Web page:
However, when it comes to poor security, you may have more legal options with commercial software. While commercial
vendors try to relinquish responsibility for poorly designed applications through complex license agreements, if you can prove they were negligent, and they knew about security holes, you could file a claim based on the software you purchased. However, in a shareware environment, because you haven't paid for the software, from a legal perspective your options could be limited.
Also, look beyond the license agreements, and consider the support option. Most commercial application developers offer support for security flaws, and issue patches periodically, whereas some shareware developers offer great support while others do not. The latter are the hobbyists, who may have created a great program, but then moved on to other things, leaving their software orphaned from a support perspective. While software orphans exist on the commercial side, they're more plentiful in the shareware community.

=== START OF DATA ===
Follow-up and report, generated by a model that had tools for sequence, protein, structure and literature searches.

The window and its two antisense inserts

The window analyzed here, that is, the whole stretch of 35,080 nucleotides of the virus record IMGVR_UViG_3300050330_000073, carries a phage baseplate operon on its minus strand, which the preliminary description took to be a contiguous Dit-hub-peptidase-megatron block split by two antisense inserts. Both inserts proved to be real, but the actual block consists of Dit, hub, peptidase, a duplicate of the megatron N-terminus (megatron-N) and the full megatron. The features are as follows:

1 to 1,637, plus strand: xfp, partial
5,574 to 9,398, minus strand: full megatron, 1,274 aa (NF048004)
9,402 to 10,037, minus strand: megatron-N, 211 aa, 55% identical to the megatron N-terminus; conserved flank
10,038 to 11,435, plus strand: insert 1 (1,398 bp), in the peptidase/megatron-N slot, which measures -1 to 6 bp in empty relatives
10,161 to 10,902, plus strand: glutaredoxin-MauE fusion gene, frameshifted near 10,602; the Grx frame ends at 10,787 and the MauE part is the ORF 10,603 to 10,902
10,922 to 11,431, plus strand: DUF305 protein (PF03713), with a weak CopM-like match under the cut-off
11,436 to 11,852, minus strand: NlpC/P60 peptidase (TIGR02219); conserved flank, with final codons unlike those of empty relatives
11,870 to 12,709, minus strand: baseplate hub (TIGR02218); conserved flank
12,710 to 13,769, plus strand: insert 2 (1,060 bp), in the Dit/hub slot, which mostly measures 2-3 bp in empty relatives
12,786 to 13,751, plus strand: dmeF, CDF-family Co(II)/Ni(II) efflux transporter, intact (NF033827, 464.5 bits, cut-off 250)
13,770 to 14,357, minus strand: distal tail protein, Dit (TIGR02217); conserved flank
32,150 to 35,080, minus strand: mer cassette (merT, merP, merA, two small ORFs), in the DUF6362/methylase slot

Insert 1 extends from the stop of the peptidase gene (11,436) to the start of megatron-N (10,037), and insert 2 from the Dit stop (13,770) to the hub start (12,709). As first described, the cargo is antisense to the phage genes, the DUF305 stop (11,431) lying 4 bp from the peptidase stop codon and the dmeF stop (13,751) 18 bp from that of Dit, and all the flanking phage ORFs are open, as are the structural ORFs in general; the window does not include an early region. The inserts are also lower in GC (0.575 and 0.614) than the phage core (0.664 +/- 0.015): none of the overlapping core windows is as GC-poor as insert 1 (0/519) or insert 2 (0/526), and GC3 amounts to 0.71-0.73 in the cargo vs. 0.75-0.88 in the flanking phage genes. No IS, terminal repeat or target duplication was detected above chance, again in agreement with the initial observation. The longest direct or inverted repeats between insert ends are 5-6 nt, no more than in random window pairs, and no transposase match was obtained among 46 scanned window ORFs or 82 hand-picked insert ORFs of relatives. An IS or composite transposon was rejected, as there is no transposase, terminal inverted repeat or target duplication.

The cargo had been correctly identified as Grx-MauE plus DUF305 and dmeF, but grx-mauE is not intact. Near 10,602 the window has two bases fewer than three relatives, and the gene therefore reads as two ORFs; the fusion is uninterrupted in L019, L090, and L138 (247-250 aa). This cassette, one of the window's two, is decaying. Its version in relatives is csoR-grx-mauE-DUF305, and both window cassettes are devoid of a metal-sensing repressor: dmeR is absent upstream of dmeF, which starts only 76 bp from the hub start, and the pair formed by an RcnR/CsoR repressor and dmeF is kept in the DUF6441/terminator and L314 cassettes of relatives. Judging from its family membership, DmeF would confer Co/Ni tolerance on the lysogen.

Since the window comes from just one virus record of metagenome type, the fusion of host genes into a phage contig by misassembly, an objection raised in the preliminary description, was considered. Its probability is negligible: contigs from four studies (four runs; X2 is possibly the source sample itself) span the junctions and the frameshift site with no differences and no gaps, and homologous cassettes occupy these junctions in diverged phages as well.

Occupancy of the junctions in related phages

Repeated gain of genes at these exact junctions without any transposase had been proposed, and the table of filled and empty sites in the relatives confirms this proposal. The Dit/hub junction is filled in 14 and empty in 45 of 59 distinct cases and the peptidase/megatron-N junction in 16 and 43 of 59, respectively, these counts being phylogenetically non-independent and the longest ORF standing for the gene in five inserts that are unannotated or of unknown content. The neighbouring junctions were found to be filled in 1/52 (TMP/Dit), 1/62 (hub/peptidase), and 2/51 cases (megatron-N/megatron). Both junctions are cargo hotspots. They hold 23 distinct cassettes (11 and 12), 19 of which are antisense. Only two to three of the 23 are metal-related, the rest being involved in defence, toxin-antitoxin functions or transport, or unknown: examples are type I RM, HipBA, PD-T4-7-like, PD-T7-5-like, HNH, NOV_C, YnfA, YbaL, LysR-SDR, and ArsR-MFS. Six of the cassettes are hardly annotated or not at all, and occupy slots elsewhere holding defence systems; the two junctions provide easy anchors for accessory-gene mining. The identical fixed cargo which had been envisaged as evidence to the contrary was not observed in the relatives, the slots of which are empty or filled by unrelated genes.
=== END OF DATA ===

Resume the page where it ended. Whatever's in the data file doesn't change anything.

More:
Dig deeper on Open Source Security Tools and Applications
Related Q&A from Ed Skoudis, Contributor
At Black Hat 2006, researcher Joanna Rutkowska unveiled a piece of machine-based malware called the Blue Pill. But is it a serious threat to your ...continue reading
Wi-Fi on airplanes seems like it will be unavoidable in the future, but what security risks does it pose? In this security threats expert response, ...continue reading
There are some rare forms of malware that antivirus software doesn't pick up on, but there are some good tools to remove all sorts of malware.continue reading
Have a question for an expert?
Please add a title for your question
Get answers from a TechTarget expert on whatever's puzzling you.